It’s also important to note that in some cases, PMI can be removed once the loan-to-value ratio reaches 80% while MIP is typically required for the life of the loan.
Types of Private Mortgage Insurance
There are four kinds of private mortgage insurance (PMI):
Borrower-Paid Mortgage Insurance
This type is paid by the borrower as a monthly premium, which is added to the mortgage payment. The cost of borrower-paid PMI is determined by the loan-to-value ratio, credit score of the borrower, and loan type. The premium is usually a percentage of the loan amount and it can vary based on the lender. Borrower-paid PMI can be canceled once the loan-to-value ratio reaches 80% but will automatically terminate at 78% .
Borrower-paid single premium
This is a one-time payment for the life of the loan, instead of a monthly premium. This option eliminates the need for monthly PMI payments but can increase the overall cost of the loan.
This type is paid by the lender as a one-time premium at closing. The cost of lender-paid PMI is typically higher than borrower-paid PMI. The loan-to-value ratio, credit score of the borrower, and loan type are taken into account when determining the premium. Lender-paid PMI cannot be canceled, and it is typically required for the life of the loan.
This kind is a combination of borrower-paid PMI and lender-paid PMI. The borrower pays a portion of the premium as a monthly payment, and the lender pays the rest as a one-time premium at closing. This option can help to reduce the overall cost of the loan, but it may also increase the interest rate.
When is mortgage insurance required
Mortgage insurance is typically required when a borrower makes a down payment of less than 20% of the home’s purchase price. However, some types of loans such as FHA and USDA loans may require mortgage insurance regardless of the down payment amount.
How to get rid of mortgage insurance
There are a few ways to get rid of mortgage insurance. One way is to make additional payments towards the principal balance of the loan. As the loan-to-value ratio decreases, the lender may cancel the mortgage insurance. Another way is to refinance the loan into a conventional loan with a loan-to-value ratio of 80% or less. Additionally, if the borrower reaches 22% equity in their home, the lender is required to automatically cancel the mortgage insurance.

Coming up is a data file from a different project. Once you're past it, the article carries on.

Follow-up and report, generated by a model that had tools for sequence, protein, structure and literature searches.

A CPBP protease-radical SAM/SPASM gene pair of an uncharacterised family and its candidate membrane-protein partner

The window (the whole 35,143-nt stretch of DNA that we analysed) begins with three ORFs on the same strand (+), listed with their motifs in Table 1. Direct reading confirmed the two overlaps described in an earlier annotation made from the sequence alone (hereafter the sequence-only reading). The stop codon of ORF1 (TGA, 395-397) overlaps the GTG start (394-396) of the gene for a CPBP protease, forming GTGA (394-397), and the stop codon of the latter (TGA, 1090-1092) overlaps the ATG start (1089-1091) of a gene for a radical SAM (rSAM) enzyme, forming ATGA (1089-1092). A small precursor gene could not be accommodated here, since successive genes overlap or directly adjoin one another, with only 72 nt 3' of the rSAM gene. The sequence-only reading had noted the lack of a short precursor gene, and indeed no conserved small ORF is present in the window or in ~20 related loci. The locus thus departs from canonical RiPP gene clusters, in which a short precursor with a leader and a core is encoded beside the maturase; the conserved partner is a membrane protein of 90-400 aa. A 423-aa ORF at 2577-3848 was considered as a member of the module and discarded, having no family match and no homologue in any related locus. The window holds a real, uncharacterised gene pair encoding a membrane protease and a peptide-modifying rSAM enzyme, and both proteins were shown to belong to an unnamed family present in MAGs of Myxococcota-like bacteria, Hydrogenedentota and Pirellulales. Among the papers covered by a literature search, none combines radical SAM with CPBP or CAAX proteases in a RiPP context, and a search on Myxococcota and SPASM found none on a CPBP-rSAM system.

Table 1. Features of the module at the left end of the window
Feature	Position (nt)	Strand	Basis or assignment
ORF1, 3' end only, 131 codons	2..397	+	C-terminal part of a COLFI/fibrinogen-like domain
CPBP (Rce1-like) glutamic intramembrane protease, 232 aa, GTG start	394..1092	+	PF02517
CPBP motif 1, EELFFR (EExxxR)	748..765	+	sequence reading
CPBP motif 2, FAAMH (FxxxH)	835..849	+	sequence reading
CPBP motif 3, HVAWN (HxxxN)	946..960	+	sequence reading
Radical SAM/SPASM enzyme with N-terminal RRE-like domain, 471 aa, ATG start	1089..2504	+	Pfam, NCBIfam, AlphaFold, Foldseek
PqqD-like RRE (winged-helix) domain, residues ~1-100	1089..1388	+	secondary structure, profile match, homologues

How long do you pay for mortgage insurance?
The length of time you pay for mortgage insurance will depend on the type of loan and the loan-to-value ratio. For conventional loans, mortgage insurance is typically required until the loan-to-value ratio reaches 80%. For FHA loans, mortgage insurance is typically required for the life of the loan.
Do USDA loans require mortgage insurance?
Yes, USDA loans require mortgage insurance, known as a Guarantee Fee, which is similar to mortgage insurance on other loan types.
Do VA loans require mortgage insurance?
No, VA loans do not require mortgage insurance. Instead, they require a funding fee, which is a one-time fee paid at closing.
What’s the Difference Between Mortgage Insurance and Homeowners Insurance?
Mortgage insurance is a type of insurance that protects the lender in the event of a borrower defaulting on their mortgage. Homeowners insurance, on the other hand, is a type of insurance that protects the homeowner and their property from potential losses such as damage from natural disasters or theft.
Is Mortgage Insurance Tax Deductible?
The mortgage insurance premium was tax deductible in the past, but this provision expired at the end of 2018. You can no longer claim the deduction for 2022.
What happens if you don’t pay mortgage insurance?
If you don’t pay your mortgage insurance premium, the lender may cancel your insurance policy. This can be very dangerous for the borrower, as they will be responsible for the entire unpaid balance of the mortgage in the event of a default. Additionally, the lender may also foreclose on the property.